penetravit, nisi . . . recusasset, Jul. 52. 1.

C. Tenses of the indicative are sometimes retained in subordinate clauses of indirect discourse, and where attraction to the subjunctive might be expected :

quia . . . responderat, Jul. 46 ; quos tenebat, Jul. 64 ; ut destinarat, Aug. 79. 1.

d. The imperfect subjunctive is used with antequam, priusquam and pridie quam in the statement of facts, where the earlier writers would have used the perfect indicative:

ante paucos quam nasceretur menses, Aug. 94. 3 ; prius quam pareret, Aug. 94. 4 ; pridie quam occideretur, Jul. 87.

e. Cum primum occurs with the subjunctive where the perfect indicative would be the regular construction :

..

Cum primum fari coepisset, Aug. 94. 7.

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f. Dum, 'while', is regularly followed by the present indicative, but is found once with the imperfect subjunctive: dum ..

deportaretur, Aug. 78. 2.

g. The subjunctive often follows quamquam : quamquam .. invitaretur, Jul. 3.

h. The subjunctive of iteration or generalization is frequently used in temporal and conditional clauses :

non cum obsiderentur modo sed et si ipsi alios obsiderent, Jul. 68. 2 ; Quidquid . militum esset, Aug. 49. 2 ; prout libuisset, Aug. 35. 4 ; quotiensque opus esset, Aug. 37.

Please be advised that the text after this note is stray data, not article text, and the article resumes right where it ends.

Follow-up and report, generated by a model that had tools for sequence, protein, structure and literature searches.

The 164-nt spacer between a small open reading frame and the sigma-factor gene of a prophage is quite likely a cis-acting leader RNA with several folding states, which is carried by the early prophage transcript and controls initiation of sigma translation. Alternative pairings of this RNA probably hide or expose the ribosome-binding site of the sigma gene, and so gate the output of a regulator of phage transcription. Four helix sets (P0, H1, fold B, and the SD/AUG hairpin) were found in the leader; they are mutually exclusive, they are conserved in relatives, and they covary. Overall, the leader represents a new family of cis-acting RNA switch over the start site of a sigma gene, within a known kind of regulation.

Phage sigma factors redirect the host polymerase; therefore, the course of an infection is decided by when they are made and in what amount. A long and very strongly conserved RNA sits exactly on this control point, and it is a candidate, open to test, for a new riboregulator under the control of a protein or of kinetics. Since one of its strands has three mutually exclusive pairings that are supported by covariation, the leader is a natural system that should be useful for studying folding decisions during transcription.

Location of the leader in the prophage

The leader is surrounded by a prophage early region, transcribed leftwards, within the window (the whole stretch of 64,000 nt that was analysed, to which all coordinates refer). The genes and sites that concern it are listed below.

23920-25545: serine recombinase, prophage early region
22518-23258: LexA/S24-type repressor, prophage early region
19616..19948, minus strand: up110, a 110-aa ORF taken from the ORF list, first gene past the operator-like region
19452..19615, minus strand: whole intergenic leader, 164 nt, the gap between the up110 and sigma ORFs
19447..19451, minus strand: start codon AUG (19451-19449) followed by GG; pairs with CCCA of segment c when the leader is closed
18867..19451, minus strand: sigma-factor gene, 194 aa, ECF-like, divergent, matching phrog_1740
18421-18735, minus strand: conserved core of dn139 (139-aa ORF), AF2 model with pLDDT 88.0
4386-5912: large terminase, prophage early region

i. The subjunctive is used, as in Tacitus, in clauses introduced by tamquam and quasi to express the alleged or imagined reason of a charge or belief:

quasi Cornelius is esset, Jul. 85 ; quasi ... indidisset, Aug. 11 ; quasi ... iactassent, Aug. 12; tamquam educaretur, Aug. 94. 8 (in indirect discourse).

j. The subjunctive in causal clauses after ut qui is used for the more common quippe qui and the subjunctive:

ut qui . sustinuerit, Aug. 66. 4 ; ut in quibus essent, Aug. 72. 1.

k. Substantive clauses are frequently used without ut after verbs of asking, admonishing, commanding and the like: egit ... id potius . . . ferrent, Jul. 26.1; instituit . subsortitio a praetore fieret, Jul. 41. 3 ; hortatur et monet imitetur, Aug. 3. 2.